How do you keep your heart in tip-top shape? Dr Philip Mills, a cardiologist at Mediclinic Constantiaberg, gives us the lowdown on how best to keep an eye on your cardiovascular health.
My family have all suffered cardiovascular disease. Should I be screened?
You certainly should. In fact, we all should. While it is widely accepted that we screen for breast, colon and prostate cancer, screening for atherosclerotic cardiovascular disease (which occurs when your arteries clog up) is not widely practised. And yet cardiovascular disease causes more than 16 million deaths worldwide per year, compared to about seven million deaths from all cancers combined.
The good news is that fresh insight and innovative assessment technologies have meant that these days, early hints of cardiovascular disease can be picked up in even ‘healthy’ people.
Once it’s detected, you can be given lifestyle advice and treatment to modify your cardiovascular risk, and its progress can be monitored.
Who is at risk for cardiovascular disease?
If you have existing cardiovascular disease, chances are that you will require intensive lifestyle and drug intervention.
You are at risk if you have a strong family history of heart attack, heart failure, stroke and peripheral vascular disease at young ages – even if you, personally, feel healthy.
Your lifestyle choices can put you at risk too.
How do I reduce my risk?
- It’s time to give up smoking all forms of tobacco, as it triples your risk of heart disease.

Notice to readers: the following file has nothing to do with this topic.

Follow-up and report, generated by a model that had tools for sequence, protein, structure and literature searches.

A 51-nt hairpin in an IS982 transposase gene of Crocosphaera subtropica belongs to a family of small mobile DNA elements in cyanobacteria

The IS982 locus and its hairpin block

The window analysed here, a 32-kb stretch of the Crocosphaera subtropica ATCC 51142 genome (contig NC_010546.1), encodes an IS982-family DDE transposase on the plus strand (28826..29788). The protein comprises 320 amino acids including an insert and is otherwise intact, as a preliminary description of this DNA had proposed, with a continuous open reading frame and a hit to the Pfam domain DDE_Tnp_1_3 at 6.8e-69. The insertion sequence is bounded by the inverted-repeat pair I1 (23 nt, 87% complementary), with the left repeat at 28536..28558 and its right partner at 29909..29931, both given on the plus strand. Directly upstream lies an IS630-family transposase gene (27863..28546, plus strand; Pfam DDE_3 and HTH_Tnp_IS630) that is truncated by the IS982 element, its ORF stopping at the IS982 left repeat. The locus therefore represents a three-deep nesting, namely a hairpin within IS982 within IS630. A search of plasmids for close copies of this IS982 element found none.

- Make healthy food choices. A healthy diet will make a huge difference to the health of your arteries. Aim for a varied diet that includes fruit, vegetables, wholegrain cereals and bread, low-fat diary products, fish and lean meat. Oily fish and omega-3 fats are particularly good for your arteries and heart. If you have high blood pressure, diabetes or cholesterol abnormalities, seek additional dietary advice. And try to cut out sugar, except in rare treats.
- Exercise regularly. We should all exercise, from childhood to old age. If you already have vascular disease, exercise will still do you good, but you need to be careful how you go about it and get expert advice before you start. While the recommended goal is at least half an hour of physical activity four days a week, more moderate activity appears to offer better health benefits.
- Lose weight. You are particularly at risk if you carry an excessive amount of weight around your stomach.
- Manage your blood pressure and cholesterol. Almost two thirds of people with cardiovascular disease have abnormal cholesterol profiles and the risk of cardiovascular disease increases continuously as blood pressure rises. Your practitioner will decide whether you need cholesterol medication, as well as lifestyle changes, depending on your blood pressure and your cardiovascular risk.